Andrewsarchus mongoliensis is one of the more famous mammals of the Eocene. It was long hailed as the largest mammalian predator to have ever lived until it became recognized that there were entelodonts and bears that grew just as large.
|A cast of the only skull known of Andrewsarchus mongoliensis, on display|
at the American Museum of Natural History in New York City. Wiki
Andrewsarchus was named for renowned explorer and fossil hunter Roy Chapman Andrews who led an expedition to the Gobi Desert in 1932, which was sponsored by the American Museum of Natural History. The actual fossil remains (see picture above) were discovered by Kan Chuan Pao, a member of Andrews' team. The original specimen is on display at the American Museum of Natural History and remains the only known evidence of this species to this day.
This species was once believed to be part of the family Mesonychidae, a group of predatory ungulates that lived from the early Paleocene to the late Eocene, and for a time was nicknamed "the giant Mesonychid of Mongolia". However, recent research has confirmed that this animal is actually a basal Artiodactyl, an early offshoot of the branch that gave rise to whales, hippos, and entelodonts.
Habitat & Distribution
At the time Andrewsarchus lived, the former island continent of India had collided with southern Asia, closing off the eastern part of the Tethys Sea and pushing up the Himalayan Mountain Range. The resulting rain shadow resulted in intense monsoon seasons to the south, but robbed central Asia of much of its rainfall and caused it to become drier. Forests receded, causing drier open woodland and savanna habitats to open up. In response to these new open conditions, herbivores started to diversify and many became larger and longer-legged, and this in turn led to an increase in predator diversity as well. Andrewsarchus was among these new predators. In fact, Andrewsarchus was the largest land predator known to have walked the Earth since the extinction of the dinosaurs 25 million years earlier.
Andrewsarchus is known only from a single skull that was 83cm long and 56cm wide at the widest point. From this skull we know that its eyes were very small and set rather low close to the mouth. This resulted in limited binocular vision and the animal's sense of sight was probably somewhat less important to it. The long nasal tube implies an extended surface area for olfactory receptors and an acute sense of smell. The animal has the complete placental mammal dental formula of I3/3 + C1/1 + P4/4 + M3/3 x 2 = 44 teeth. The rostrum was narrow but strong, with large canines and incisors. This suggests that the jaws were capable of seizing and dispatching prey its own size or slightly larger. The molars and premolars are large, blunt, and somewhat triangular in shape; a good structure for gripping and perhaps cracking open bones, but ill-suited for grinding plant matter.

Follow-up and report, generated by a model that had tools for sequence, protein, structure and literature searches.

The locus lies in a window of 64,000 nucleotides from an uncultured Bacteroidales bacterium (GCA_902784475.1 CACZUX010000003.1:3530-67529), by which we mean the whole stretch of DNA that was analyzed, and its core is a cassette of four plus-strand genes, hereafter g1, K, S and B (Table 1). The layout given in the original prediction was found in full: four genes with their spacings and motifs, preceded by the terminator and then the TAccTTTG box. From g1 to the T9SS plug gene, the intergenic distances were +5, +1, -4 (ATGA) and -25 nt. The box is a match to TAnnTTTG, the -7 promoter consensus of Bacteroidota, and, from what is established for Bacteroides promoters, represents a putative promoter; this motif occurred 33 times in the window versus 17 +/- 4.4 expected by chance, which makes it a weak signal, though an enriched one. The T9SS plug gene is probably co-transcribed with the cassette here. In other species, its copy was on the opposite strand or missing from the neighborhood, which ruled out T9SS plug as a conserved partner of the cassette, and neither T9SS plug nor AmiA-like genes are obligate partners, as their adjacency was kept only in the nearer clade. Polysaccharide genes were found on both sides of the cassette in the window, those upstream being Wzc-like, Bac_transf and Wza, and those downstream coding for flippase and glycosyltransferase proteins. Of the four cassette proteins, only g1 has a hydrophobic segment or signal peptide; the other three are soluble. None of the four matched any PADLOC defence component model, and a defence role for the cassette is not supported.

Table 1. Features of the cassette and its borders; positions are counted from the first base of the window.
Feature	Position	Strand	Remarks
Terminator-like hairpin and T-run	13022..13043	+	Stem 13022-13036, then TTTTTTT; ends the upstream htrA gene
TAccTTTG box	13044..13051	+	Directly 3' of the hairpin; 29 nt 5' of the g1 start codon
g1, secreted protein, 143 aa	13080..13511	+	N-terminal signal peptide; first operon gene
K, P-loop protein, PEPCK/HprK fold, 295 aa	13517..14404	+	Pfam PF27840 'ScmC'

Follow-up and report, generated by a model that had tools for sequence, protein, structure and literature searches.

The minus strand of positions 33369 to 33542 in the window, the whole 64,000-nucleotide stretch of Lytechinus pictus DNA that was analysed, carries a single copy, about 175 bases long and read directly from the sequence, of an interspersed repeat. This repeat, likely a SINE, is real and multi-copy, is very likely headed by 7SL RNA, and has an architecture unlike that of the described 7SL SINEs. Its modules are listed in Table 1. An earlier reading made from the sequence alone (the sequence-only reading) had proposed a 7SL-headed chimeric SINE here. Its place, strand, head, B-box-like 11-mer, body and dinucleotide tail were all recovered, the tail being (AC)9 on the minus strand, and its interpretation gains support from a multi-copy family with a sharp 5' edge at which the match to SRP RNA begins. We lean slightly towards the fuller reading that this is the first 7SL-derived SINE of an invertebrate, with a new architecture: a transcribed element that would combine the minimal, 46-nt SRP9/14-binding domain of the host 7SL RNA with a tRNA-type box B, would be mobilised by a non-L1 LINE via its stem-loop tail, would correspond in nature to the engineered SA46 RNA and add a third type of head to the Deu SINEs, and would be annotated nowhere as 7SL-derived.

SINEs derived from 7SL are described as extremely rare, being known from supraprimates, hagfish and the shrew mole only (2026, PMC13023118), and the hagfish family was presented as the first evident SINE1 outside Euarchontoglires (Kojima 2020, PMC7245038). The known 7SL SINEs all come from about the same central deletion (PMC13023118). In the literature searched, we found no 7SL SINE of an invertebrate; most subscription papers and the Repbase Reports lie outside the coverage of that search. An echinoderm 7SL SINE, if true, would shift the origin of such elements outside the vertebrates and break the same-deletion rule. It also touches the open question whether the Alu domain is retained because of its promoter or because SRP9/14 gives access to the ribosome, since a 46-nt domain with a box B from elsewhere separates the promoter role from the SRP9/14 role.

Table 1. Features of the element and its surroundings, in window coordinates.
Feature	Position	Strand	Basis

Because the body of Andrewsarchus has never been found, any attempts to reconstruct it are purely speculative. The below restoration is based on similarly-sized land predators, specifically Daeodon shoshonensis and Arctodus simus (with a little hippo reference for the feet). As a large carnivore adapted to life in open country, this animal would have benefited from long, slender legs and a short torso allowing it to cover great distances with minimal energy.The large head would have been supported by a powerful neck and shoulders. As an artiodactyl, its toes would have ended in blunt hooves, which would have protected its foot bones when running over rough terrain. In the hot climate of the late Eocene, an animal this size is likely to have had a coat of short, sparse fur similar to that of large bovines in southern Asia and Africa of the genera Bubalus and Bos. As with other carnivores, thick skin and coarse fur around the neck region would have protected it from bites during aggressive encounters between males.
Ecology & Behavior
Based on the skull and dentition alone, the picture that emerges is of a carnivore that could attack and kill its own prey, but was also an active scavenger and frequent kleptoparasite. With its well-developed sense of smell it could detect the smell of blood or decaying flesh from miles away. Potential prey animals included brontotheres and rhinos. As the largest predator in its environment it could dominate any carcass it came across. Powerful jaws and sturdy teeth enabled it to smash open very large bones to utilize the highly nutritious marrow within. Other predators that lived in the same environment as Andrewsarchus included the creodont Sarkastodon mongoliensis, and the Mesonychids Harpagolestes immanis and Mongolestes robustus.
References & Further Reading
Spaulding M, O'Leary MA, Gatesy J (2009) Relationships of Cetacea (Artiodactyla) Among Mammals: Increased Taxon Sampling Alters Interpretations of Key Fossils and Character Evolution. PLoS ONE 4(9): e7062. doi:10.1371/journal.pone.0007062 <http://www.plosone.org/article/info%3Adoi%2F10.1371%2Fjournal.pone.0007062>
AMNH. "Andrewsarchus, Superb Skull of a Giant Beast", Now on View in Whales Exhibit". 3 July 2003. Retrieved from http://www.amnh.org/explore/news-blogs/on-exhibit-posts/andrewsarchus-superb-skull-of-a-gigantic-beast-now-on-view-in-whales-exhibit?utm_source=social-media&utm_medium=facebook&utm_term=2013-07-03-Wed&utm_campaign=andrewsarchus on 8 July 2013.